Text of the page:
skip to main content
skip to newscasts

Saturday, July 13, 2024

Public News Service Logo
facebook instagram linkedin reddit youtube twitter
view newscast page
play newscast audioPlay

VA law prevents utility shutoffs in extreme circumstances; MI construction industry responds to a high number of worker suicides; 500,000 still without power or water in the Houston area; KY experts: Children, and babies at higher risk for heat illness.

view newscast page
play newscast audioPlay

The House passes the SAVE Act, but fails to hold Attorney General Merrick Garland in inherent contempt of Congress, and a proposed federal budget could doom much-needed public services.

view newscast page
play newscast audioPlay

Enticing remote workers to move is a new business strategy in rural America, Eastern Kentucky preservationists want to save the 20th century home of a trailblazing coal miner, and a rule change could help small meat and poultry growers and consumers.

As BLM Moves Westward, Critics See Steps to Neutralize Agency

play audio
Play

Friday, January 10, 2020   

BOISE, Idaho - The Bureau of Land Management's headquarters has begun its move West this month, but that hasn't ended controversy over the change.

The Trump administration says the BLM's move to Grand Junction, Colorado, puts the agency closer to the nearly 250 million acres of public land it oversees, the vast majority of which is in western states.

But Boise State University Environment and Public Lands Professor John Freemuth believes the move will neutralize the agency, leaving key people out of decision-making in Washington, DC.

"So they interact with Congress, with other agencies in the government, interest groups, and they can have conversations right there in main Interior," says Freemuth, "rather than be out somewhere in the West, where those conversations are going on, but they're not there. They're not at the table to have them."

About 150 employees received orders to relocate. The agency expects the move to be complete by mid-spring. Sixty employees will stay in the nation's capital, most of whom are politically appointed officials, Freemuth says.

Idaho contains nearly 12 million acres of BLM land.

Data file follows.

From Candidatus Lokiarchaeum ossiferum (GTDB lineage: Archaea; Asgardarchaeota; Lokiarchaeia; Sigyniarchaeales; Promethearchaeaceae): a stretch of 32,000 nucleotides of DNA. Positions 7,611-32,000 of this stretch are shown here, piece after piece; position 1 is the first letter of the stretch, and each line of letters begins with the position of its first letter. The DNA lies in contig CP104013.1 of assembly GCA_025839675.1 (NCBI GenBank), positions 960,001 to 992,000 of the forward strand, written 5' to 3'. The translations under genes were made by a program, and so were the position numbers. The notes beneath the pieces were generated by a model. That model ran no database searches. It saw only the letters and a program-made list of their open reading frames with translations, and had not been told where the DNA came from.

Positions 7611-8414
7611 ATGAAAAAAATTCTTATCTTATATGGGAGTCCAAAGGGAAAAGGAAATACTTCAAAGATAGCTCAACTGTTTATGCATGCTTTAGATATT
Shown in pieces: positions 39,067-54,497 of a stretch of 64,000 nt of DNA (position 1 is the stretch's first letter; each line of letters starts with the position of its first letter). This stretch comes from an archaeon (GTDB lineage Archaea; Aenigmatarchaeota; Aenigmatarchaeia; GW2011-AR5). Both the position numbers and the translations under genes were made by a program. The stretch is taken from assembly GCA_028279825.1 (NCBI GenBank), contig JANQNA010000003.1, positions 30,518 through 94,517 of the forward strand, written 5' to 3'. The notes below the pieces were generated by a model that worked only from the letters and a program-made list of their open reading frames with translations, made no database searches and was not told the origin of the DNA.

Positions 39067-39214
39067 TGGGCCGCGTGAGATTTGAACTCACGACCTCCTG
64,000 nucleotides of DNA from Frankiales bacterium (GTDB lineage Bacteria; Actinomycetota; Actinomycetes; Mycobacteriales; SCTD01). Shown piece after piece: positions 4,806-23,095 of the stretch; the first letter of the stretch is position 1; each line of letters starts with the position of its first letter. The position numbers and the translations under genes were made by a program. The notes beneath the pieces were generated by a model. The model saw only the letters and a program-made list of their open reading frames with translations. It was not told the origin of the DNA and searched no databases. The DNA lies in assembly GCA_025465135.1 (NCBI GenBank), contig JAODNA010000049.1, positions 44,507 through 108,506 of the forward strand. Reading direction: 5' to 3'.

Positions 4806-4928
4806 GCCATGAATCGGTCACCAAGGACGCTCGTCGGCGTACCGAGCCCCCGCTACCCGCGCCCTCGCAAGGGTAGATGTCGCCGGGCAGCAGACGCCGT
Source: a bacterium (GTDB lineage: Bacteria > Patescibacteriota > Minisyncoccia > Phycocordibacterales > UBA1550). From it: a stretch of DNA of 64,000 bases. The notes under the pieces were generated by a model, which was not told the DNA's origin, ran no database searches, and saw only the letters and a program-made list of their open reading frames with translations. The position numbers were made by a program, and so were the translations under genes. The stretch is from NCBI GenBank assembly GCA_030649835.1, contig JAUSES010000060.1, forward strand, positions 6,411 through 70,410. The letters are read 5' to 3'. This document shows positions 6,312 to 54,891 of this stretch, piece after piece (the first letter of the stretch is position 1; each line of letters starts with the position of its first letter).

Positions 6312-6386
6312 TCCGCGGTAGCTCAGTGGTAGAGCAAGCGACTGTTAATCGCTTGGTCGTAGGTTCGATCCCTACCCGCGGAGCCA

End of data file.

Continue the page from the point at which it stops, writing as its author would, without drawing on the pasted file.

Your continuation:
Freemuth says reorganization doesn't have to be a bad thing - but in this case, he says, BLM leadership wasn't consulted on the move. Employees were simply told it was happening.

Freemuth points out that the relocation has put many staffers in a tough spot, who have already put down roots in DC.

"They have families, their spouses have jobs, and you can't just tell somebody to pick up and move that easily," says Freemuth.

In the end, Freemuth doesn't believe this move will work out for the BLM.

"BLM's leadership, I would predict, will return to Washington at some time in the future," says Freemuth. "So, we're ending up thinking, 'Boy, we just whipsawed a lot of people and what was the real reason for that?', you know, ten years down the road. But we'll see what happens."


get more stories like this via email

more stories
North Carolina has received more than 105,000 contacts to its 988 system via call, chat and text in the past 12 months. (Adobe Stock)

Health and Wellness

play sound

North Carolina must increase its crisis response capacity for long-term success, according to a new report by the mental-health policy group …


Health and Wellness

play sound

In response to an alarmingly high number of suicides among construction workers, Michigan's construction leaders have taken measures to tackle mental …

play sound

Major League Baseball's All-Star week kicks off tonight at Globe Life Field in Arlington with the Swingman Classic featuring 50 student athletes from …


Weill Cornell Medicine notes that, along with drinking water to remain hydrated in extreme heat, foods such as watermelon, cantaloupe, grapefruit and homemade popsicles can work well, too. (Adobe Stock)

Health and Wellness

play sound

New York doctors are advising people how to stay healthy in the summer heat. Temperatures across the state will reach the high 80s and mid-90s in …

Social Issues

play sound

A new Virginia law protects residents from utility shutoffs in extreme weather. The law prevents utility company shutoffs when temperatures are at …

In making homes more energy efficient, Minnesotans could see new rebates released sometime next year. Officials are still piecing together the framework for these new programs, which are federally funded. (Adobe Stock)

Social Issues

play sound

Minnesotans this month have a chance to share their thoughts on how the state should distribute home energy rebates. With federal incentives coming …

Social Issues

play sound

New Mexico teachers educating young people about climate change don't want them to feel hopeless - and they've developed an educational curriculum to …

Health and Wellness

play sound

Health experts are urging residents to stay hydrated and stay out of the sun during peak periods, especially during the heat wave that is gripping …

 

Phone: 303.448.9105 Toll Free: 888.891.9416 Fax: 208.247.1830 Your trusted member- and audience-supported news source since 1996 Copyright 2021